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Lorenzo misses out on the party

Lorenzo misses out on the party

Jorge didn’t quite have the pace to join in the ‘fun’ with Rossi and Marquez at the Dutch GP despite an excellent start & podium finish.

Movistar Yamaha’s Jorge Lorenzo arrived at the Motul TT Assen in buoyant mood, and why not? The double MotoGP™ World Champion had won the last four races in the row, leading the last 103 laps across the line and in the process reducing the gap to his teammate Valentino Rossi at the top of the championship standings to just one point. This is in complete contrast to his start to the season where he couldn’t buy a podium for the first three races.

In fact, the Spaniards form coming into the Dutch GP was so great, even Rossi had been forced to stand up and take notice and change his whole approach to practice and qualifying in an effort to stop his teammate.

Thing is, Lorenzo hasn’t really got on with the TT Circuit Assen since his victory back in 2010. His best placed finish before today was a fifth back in 2013 and things didn’t quite go to plan at the start of this weekend with the Spaniard struggling on the first day of practice, ending up sixth on the combined timesheets after the first two sessions.

Lorenzo said he was struggling with the new Bridgestone tyre and couldn’t quite find the right feeling with his Yamaha M1; although it wasn’t quite time to hit the panic button yet.

Lorenzo improved immediately in FP3 on Friday to finish second behind Rossi, and also showed a race pace on a par with Marquez’s in the all-important FP4 session. Therefore it was a surprise when he found himself down in eighth after Q2, and would have to line up on third row of the grid in his worst qualifying position since the rain affected session at Assen last year.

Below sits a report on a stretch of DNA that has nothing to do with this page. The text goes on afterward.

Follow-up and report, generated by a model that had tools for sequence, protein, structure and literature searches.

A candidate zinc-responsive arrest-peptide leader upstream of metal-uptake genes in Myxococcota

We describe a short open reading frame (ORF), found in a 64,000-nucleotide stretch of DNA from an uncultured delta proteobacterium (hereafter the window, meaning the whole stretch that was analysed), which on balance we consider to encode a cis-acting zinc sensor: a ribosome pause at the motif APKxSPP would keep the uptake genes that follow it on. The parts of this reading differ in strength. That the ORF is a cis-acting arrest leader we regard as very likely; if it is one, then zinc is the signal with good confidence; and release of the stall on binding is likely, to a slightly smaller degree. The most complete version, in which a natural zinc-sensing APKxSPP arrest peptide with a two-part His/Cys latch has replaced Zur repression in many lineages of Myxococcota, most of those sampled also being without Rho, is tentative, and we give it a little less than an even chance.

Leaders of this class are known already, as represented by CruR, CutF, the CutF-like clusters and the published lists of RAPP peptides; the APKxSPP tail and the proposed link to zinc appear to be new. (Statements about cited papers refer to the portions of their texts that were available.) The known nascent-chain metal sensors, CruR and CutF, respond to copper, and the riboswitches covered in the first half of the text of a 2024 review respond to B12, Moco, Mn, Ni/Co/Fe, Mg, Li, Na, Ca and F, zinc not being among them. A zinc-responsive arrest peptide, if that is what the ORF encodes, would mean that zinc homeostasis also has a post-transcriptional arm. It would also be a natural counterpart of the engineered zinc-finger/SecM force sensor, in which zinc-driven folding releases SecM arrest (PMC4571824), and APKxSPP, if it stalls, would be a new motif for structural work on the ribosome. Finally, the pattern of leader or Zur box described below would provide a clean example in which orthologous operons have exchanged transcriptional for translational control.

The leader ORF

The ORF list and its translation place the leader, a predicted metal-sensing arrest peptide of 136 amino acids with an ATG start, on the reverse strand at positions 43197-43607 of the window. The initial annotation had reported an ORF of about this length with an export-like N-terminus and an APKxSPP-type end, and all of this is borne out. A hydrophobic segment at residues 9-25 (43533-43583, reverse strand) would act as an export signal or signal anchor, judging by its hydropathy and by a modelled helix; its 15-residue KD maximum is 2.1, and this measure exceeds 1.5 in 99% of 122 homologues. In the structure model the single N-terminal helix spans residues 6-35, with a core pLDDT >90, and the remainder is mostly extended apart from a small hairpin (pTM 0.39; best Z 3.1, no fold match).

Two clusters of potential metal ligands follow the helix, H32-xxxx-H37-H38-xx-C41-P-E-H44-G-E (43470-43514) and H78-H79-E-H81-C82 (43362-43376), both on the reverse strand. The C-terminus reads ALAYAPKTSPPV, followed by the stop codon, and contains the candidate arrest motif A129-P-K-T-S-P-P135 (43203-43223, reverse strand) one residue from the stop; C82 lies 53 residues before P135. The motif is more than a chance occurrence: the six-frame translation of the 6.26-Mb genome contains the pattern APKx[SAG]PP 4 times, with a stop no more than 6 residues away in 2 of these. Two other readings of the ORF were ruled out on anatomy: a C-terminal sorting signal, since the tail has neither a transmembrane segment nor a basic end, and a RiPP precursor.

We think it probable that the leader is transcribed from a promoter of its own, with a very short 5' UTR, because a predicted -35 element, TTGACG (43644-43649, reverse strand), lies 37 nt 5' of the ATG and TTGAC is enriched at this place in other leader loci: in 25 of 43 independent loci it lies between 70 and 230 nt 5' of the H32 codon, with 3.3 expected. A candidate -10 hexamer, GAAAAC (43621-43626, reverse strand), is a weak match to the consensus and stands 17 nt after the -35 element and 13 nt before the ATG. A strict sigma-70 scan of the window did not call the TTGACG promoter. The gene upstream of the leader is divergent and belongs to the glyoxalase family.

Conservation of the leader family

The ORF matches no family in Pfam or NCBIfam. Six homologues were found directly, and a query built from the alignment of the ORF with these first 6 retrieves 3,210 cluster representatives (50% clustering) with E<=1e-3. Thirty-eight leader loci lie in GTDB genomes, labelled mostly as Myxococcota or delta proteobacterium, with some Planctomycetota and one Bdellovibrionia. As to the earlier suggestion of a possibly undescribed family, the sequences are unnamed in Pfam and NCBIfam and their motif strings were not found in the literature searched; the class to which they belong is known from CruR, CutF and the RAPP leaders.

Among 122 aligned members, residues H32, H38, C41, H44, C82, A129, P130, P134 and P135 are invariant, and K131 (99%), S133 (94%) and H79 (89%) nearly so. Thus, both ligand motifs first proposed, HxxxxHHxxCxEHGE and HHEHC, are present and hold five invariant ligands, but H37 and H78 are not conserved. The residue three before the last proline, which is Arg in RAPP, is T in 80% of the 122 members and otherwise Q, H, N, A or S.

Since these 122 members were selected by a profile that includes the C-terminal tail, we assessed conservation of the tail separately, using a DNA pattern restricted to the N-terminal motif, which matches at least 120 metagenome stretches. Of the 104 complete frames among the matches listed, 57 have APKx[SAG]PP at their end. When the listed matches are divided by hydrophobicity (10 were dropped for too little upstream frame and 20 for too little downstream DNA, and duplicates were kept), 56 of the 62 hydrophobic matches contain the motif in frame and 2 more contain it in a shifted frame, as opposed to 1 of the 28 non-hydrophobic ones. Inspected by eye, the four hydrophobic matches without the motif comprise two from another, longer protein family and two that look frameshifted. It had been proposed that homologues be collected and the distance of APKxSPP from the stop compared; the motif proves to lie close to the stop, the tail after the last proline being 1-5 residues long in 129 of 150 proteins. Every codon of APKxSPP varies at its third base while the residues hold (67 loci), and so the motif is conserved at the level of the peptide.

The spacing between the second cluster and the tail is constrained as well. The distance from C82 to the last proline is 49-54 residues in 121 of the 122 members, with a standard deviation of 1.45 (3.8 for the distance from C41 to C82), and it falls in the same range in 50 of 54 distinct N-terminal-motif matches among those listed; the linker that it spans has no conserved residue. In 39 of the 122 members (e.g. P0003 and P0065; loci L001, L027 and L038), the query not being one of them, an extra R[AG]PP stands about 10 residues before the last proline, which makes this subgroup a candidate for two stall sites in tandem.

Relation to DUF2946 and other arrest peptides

Lorenzo faced a mammoth task if he was to prevent pole-man Rossi and the rapid Marquez, who was third on the grid, escaping at the front when the lights went out: “Today I knew I have a difficult situation to get to the front. Luckily I had a good start and I overtook more riders and in a shorter amount of time than I thought I would.”

A “good start” seems a bit of understatement as Lorenzo had moved up to fifth by the very first corner, and had passed five riders by the end of the first lap to occupy third. Having done all of the hard work, surely he would join in the titanic tussle for the lead with his two rivals?

Unfortunately this wasn’t the case for the Spaniard, as while he could match the pace of Marquez and Rossi for the first few laps, he couldn’t make any dent in their lead, and he started to fade. By lap six he was 1.4s behind Rossi, and by lap ten this margin had grown to 3.4s as he found himself lapping on average about three-tenths slower than the two men in front of him, appearing to have no answer to their blistering pace: “I made three or four laps with them but after that they started to get away little by little. I wasn’t competitive in two sectors and I really lost a lot in the high-speed changes of direction.”

Eventually Lorenzo would cross the line in a lonely third, 14.576s behind Rossi, the biggest margin he has found himself trailing the race winner by so far this season. The Spaniard admitted that he just hadn’t been on his game at the TT Circuit Assen, but he was happy to come away with 16 points despite this: “In this track I wasn’t really competitive, I was worse than normal. Marc improved this weekend and Rossi was competitive from the first practice, while I was slower. We saved a tough situation though.”

Lorenzo will be looking to bounce back at the Sachsenring in two weeks time, although it is one of only three circuits on the current calendar, along with Austin and Argentina, that he has never tasted victory at before in the premier class: “Germany is a track that’s usually difficult for me even though I’ve been close to the win two or three times but never won. You never know what can happen, maybe this year is the time; I don’t think we’ll have the same problems as here and we’re just ten points behind Valentino.”

It almost seems like we are seeing two versions of Jorge Lorenzo this year. There is no doubt that when Lorenzo is ‘in the zone’ he looks full of confidence and unbeatable, but as he has shown this season, when things don’t quite go to plan he can sometimes look a completely different rider come race day.

It will be interesting to see which Lorenzo turns up in two weeks time at the GoPro Motorrad Grand Prix Deutschland.

Check out the MotoGP™ race report, the full results and also the latest championship standings.

MotoGP, 2015, MOTUL TT ASSEN, RAC, Movistar Yamaha MotoGP

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